## 2.6 Heatmap, and Displaying Images

`plt.imshow()` is a Matplotlib function that is used for displaying 2D image data, visualizing 2D arrays, or showing images in various formats.

• Using imshow for heatmap: Heatmap is a visualization for correlation matrix, which will give us a sense of how each variable is correlated with the other variable. Here, we’ll create a heatmap to visualize a correlation matrix, and we’ll use a color map to show this relationship visually. Pass the correlation matrix to imshow to visualize the heatmap.
`# Create a sample correlation matrixcorrelation_matrix = np.array([[1.0, 0.8, 0.3, -0.2], [0.8, 1.0, 0.5, 0.1], [0.3, 0.5, 1.0, -0.4], [-0.2, 0.1, -0.4, 1.0]])# Create a heatmap for the correlation matrixplt.imshow(correlation_matrix, cmap='coolwarm', vmin=-1, vmax=1, aspect='auto', origin='upper')# Add a colorbar with the following commandscbar = plt.colorbar()cbar.set_label('Correlation', rotation=270, labelpad=20)# Add labels and a titleplt.title('Correlation Matrix Heatmap')plt.xticks(range(len(correlation_matrix)), ['Var1', 'Var2', 'Var3', 'Var4'])plt.yticks(range(len(correlation_matrix)), ['Var1', 'Var2', 'Var3', 'Var4'])plt.show()`
• Displaying Images with imshow: Matplotlib’s `imread` method from `matplotlib.image`module is often used to read and load images in various formats, including JPEG, PNG, BMP, TIFF, and more, which can then be displayed using `imshow`. If you have image data in an array already, then it can be displayed directly with imshow.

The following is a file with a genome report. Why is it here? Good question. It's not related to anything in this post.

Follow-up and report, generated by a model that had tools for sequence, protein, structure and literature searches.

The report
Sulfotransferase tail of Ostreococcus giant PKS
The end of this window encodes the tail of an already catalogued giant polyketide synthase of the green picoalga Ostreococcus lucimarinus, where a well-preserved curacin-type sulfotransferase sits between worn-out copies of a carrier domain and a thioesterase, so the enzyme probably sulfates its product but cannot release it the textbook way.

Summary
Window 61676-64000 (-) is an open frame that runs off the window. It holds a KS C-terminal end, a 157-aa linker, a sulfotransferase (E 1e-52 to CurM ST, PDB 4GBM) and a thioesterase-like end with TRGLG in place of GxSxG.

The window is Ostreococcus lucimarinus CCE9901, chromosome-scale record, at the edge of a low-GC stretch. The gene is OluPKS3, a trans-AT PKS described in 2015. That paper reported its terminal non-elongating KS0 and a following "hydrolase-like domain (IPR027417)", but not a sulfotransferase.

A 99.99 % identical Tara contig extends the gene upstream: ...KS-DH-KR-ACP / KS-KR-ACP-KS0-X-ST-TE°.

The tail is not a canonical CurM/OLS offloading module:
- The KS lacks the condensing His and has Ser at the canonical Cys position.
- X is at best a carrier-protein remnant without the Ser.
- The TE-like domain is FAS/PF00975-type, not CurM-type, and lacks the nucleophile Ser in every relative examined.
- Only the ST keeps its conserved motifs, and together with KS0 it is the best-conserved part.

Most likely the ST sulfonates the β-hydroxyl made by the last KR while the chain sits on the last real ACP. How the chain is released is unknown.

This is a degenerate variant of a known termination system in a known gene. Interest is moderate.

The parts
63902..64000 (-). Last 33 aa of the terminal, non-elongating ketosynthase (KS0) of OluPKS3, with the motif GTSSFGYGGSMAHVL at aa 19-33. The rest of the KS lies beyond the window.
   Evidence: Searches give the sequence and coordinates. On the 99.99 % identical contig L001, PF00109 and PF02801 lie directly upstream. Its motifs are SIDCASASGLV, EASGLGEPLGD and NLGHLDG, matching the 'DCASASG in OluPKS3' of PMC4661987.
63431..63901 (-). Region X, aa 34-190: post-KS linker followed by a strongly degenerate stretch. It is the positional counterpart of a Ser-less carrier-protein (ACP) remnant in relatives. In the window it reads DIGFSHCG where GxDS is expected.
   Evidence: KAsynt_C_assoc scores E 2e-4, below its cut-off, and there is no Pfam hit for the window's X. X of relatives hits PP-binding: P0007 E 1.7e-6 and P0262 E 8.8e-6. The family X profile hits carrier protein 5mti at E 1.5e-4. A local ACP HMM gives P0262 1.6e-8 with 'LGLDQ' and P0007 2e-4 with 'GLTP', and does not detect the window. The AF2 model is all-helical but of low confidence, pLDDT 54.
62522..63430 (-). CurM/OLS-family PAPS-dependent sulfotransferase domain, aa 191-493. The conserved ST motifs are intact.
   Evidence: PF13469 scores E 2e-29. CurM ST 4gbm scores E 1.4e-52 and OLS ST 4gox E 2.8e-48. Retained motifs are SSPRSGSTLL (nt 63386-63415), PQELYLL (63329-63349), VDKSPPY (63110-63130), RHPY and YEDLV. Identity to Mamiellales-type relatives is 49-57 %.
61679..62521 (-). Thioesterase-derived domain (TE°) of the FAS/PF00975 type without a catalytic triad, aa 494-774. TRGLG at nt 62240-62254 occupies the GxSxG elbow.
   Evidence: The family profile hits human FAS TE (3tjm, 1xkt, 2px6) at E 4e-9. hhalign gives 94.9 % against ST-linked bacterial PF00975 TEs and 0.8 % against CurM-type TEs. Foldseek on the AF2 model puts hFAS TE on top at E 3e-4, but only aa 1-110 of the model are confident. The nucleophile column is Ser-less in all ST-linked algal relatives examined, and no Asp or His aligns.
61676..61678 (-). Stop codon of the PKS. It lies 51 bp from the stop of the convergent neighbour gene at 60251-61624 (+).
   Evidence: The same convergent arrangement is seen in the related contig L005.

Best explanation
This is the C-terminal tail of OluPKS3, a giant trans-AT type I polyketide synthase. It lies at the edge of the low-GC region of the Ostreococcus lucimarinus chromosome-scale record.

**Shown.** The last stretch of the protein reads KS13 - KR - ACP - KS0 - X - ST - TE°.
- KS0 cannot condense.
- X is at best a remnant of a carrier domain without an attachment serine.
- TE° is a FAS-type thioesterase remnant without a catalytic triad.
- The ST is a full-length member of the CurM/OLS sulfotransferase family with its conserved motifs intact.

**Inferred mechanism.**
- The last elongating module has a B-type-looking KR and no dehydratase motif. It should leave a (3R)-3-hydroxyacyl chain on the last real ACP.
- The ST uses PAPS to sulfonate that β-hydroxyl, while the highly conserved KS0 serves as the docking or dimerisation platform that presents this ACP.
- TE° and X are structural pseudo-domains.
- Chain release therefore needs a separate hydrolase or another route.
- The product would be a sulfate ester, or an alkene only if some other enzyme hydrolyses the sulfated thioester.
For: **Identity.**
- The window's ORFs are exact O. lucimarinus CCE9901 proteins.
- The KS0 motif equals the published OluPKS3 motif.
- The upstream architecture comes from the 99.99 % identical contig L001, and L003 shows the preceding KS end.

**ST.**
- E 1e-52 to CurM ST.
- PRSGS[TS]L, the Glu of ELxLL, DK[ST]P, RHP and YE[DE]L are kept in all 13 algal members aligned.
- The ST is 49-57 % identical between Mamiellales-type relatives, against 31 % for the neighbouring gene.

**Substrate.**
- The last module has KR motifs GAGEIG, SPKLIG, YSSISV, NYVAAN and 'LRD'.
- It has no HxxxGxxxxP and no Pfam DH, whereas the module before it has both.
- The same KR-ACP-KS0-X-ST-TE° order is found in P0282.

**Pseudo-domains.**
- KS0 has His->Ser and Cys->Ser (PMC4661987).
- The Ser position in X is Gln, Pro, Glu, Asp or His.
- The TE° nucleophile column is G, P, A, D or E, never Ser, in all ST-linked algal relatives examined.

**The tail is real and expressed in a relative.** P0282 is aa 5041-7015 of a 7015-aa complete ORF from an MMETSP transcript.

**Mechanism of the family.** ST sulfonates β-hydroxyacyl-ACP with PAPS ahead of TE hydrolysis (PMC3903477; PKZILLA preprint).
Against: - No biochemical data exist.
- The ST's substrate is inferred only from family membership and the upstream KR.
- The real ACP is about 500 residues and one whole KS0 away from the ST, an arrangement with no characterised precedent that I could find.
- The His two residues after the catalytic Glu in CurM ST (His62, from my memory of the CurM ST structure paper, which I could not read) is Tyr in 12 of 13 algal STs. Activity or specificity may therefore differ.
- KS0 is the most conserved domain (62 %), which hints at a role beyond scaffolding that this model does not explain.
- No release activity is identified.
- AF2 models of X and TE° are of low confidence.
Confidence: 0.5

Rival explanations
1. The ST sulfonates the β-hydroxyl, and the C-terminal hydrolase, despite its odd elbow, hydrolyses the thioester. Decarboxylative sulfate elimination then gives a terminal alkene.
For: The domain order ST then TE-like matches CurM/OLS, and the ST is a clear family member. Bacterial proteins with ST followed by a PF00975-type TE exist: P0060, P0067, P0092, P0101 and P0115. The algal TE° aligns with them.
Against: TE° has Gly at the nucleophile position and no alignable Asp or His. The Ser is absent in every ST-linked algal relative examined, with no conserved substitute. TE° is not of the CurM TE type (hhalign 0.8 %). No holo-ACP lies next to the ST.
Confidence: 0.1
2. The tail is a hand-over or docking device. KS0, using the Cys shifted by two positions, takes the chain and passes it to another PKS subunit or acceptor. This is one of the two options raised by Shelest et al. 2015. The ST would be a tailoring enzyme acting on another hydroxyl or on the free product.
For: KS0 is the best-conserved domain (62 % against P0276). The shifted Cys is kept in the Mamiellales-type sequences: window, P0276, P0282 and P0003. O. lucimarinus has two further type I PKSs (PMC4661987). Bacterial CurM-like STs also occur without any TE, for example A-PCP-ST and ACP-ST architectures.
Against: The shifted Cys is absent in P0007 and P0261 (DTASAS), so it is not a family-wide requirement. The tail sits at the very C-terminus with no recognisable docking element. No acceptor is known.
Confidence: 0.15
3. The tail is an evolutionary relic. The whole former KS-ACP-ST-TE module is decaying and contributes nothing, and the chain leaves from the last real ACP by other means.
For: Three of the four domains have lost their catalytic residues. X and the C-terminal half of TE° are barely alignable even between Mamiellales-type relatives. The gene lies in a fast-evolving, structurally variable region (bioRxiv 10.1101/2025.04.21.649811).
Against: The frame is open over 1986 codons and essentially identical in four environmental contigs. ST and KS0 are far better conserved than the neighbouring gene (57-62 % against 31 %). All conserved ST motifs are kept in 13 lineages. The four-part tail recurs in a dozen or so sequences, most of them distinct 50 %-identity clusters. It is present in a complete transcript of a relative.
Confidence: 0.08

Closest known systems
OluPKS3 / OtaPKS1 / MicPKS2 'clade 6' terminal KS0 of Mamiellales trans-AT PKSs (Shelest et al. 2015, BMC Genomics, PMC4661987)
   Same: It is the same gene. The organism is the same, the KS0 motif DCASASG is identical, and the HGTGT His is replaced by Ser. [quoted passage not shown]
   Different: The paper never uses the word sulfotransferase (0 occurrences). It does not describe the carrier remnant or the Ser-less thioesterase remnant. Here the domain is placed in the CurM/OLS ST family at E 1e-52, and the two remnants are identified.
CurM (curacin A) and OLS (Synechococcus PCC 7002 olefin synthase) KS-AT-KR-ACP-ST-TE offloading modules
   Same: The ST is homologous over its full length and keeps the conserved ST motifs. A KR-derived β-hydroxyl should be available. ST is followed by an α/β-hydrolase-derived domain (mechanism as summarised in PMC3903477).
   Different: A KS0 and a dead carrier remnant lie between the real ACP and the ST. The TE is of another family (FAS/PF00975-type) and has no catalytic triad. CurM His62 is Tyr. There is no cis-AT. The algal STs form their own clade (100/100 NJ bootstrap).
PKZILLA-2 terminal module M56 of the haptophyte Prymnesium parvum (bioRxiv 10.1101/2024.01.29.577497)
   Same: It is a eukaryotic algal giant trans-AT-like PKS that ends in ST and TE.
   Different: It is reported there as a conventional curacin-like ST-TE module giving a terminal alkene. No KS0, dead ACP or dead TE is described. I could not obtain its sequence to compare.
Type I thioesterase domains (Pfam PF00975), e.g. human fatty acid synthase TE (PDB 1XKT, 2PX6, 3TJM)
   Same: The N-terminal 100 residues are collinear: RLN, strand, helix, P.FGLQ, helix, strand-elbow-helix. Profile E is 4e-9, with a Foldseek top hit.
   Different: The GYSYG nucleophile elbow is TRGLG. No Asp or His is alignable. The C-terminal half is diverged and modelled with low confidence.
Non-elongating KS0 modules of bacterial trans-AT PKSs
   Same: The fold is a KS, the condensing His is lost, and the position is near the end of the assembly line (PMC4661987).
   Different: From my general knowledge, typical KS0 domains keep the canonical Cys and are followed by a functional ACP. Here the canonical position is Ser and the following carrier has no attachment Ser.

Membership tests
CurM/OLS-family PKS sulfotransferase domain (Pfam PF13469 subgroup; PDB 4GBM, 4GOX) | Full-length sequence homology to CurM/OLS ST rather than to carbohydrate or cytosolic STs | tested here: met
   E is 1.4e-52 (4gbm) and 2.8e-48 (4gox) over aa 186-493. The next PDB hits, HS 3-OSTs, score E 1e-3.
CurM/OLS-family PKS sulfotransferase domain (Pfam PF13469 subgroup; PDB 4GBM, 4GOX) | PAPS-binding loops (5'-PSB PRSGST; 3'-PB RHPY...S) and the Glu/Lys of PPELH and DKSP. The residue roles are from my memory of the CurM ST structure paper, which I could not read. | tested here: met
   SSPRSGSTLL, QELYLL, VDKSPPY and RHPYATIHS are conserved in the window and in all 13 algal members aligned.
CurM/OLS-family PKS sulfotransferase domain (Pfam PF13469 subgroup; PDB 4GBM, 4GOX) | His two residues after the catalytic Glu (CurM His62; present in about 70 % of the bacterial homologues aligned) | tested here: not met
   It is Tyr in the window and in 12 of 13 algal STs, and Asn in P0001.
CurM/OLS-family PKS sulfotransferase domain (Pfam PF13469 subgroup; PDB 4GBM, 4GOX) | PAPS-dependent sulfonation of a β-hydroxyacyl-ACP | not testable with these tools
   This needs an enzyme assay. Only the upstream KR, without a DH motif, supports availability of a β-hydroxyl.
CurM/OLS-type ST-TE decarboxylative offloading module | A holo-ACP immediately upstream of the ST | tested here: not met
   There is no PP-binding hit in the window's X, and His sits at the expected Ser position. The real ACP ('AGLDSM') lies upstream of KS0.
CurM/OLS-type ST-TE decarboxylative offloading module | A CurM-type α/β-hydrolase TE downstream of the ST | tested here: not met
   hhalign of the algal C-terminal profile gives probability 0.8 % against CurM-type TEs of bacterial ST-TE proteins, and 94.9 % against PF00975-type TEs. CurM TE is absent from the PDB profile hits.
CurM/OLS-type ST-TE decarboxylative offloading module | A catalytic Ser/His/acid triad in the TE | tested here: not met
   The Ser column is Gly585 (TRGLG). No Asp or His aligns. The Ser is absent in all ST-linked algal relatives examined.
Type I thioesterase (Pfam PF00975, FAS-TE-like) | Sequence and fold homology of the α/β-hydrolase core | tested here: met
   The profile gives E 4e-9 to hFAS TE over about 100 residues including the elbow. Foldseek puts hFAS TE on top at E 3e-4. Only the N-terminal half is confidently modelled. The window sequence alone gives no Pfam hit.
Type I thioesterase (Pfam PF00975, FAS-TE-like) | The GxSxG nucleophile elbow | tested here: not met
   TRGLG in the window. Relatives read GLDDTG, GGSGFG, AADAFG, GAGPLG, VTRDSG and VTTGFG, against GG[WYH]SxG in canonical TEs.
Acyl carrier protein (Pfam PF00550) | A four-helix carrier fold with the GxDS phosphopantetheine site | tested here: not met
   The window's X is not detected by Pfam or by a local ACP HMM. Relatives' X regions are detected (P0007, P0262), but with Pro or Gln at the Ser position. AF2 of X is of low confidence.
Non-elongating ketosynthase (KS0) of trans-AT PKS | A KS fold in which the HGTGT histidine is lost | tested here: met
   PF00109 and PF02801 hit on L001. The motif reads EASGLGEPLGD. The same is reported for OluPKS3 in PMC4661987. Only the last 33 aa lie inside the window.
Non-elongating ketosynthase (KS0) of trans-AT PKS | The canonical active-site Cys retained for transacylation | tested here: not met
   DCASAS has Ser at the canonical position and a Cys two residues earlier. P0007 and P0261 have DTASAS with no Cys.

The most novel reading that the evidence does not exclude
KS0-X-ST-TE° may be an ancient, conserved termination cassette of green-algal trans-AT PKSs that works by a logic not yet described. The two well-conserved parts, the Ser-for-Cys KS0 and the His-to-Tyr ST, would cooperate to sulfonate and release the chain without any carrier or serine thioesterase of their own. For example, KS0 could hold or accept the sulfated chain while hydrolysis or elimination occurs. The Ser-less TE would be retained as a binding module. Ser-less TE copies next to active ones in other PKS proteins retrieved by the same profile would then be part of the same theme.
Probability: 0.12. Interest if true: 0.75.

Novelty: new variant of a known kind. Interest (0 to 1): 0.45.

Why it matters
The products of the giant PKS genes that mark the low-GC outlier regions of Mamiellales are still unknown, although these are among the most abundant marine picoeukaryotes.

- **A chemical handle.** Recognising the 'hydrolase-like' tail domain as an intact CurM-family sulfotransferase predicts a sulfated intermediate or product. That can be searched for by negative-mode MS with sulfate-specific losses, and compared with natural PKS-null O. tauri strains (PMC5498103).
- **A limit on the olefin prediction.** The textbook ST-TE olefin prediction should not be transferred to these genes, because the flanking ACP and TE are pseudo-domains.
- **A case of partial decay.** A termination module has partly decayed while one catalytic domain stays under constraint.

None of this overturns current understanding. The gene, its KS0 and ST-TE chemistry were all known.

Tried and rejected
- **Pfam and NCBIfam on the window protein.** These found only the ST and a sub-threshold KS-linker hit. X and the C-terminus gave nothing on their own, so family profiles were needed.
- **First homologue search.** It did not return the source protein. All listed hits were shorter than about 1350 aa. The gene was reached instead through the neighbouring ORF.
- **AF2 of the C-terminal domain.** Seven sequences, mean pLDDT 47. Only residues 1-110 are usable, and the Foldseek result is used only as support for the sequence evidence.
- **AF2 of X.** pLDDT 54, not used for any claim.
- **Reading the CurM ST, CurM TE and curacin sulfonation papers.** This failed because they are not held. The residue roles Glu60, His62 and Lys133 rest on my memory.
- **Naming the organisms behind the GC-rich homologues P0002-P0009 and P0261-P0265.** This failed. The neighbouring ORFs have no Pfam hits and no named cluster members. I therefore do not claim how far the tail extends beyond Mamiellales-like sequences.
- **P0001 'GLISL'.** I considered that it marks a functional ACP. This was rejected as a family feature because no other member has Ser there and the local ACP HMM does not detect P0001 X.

`import matplotlib.image as mpimg# Load and display an imageimg = mpimg.imread('sample_image.jpg')# Display the imageplt.imshow(img) # Turn off axis labels and ticksplt.axis('off')# Add a titleplt.title('Sample Image') # Show the plotplt.show() `

## 2.7 Stack Plot

Imagine you want to visualize how three product categories (electronics, clothing, and home appliances) contribute to total sales over four quarters (Q1 to Q4). Then you can represent each category’s sales as layers in the plot, and the plot helps us understand their contributions and trends over time. That’s exactly what the stack plot does.

A stack plot, which is also known as a stacked area plot, is a type of data visualization that displays multiple datasets as layers stacked on top of one another, with each layer representing a different category or component of the data. Stack plots are particularly useful for visualizing how individual components contribute to a whole over a continuous time period or categorical domain. Use it as `plt.stackplot(x,y1,y2)` , as many stacks as you want!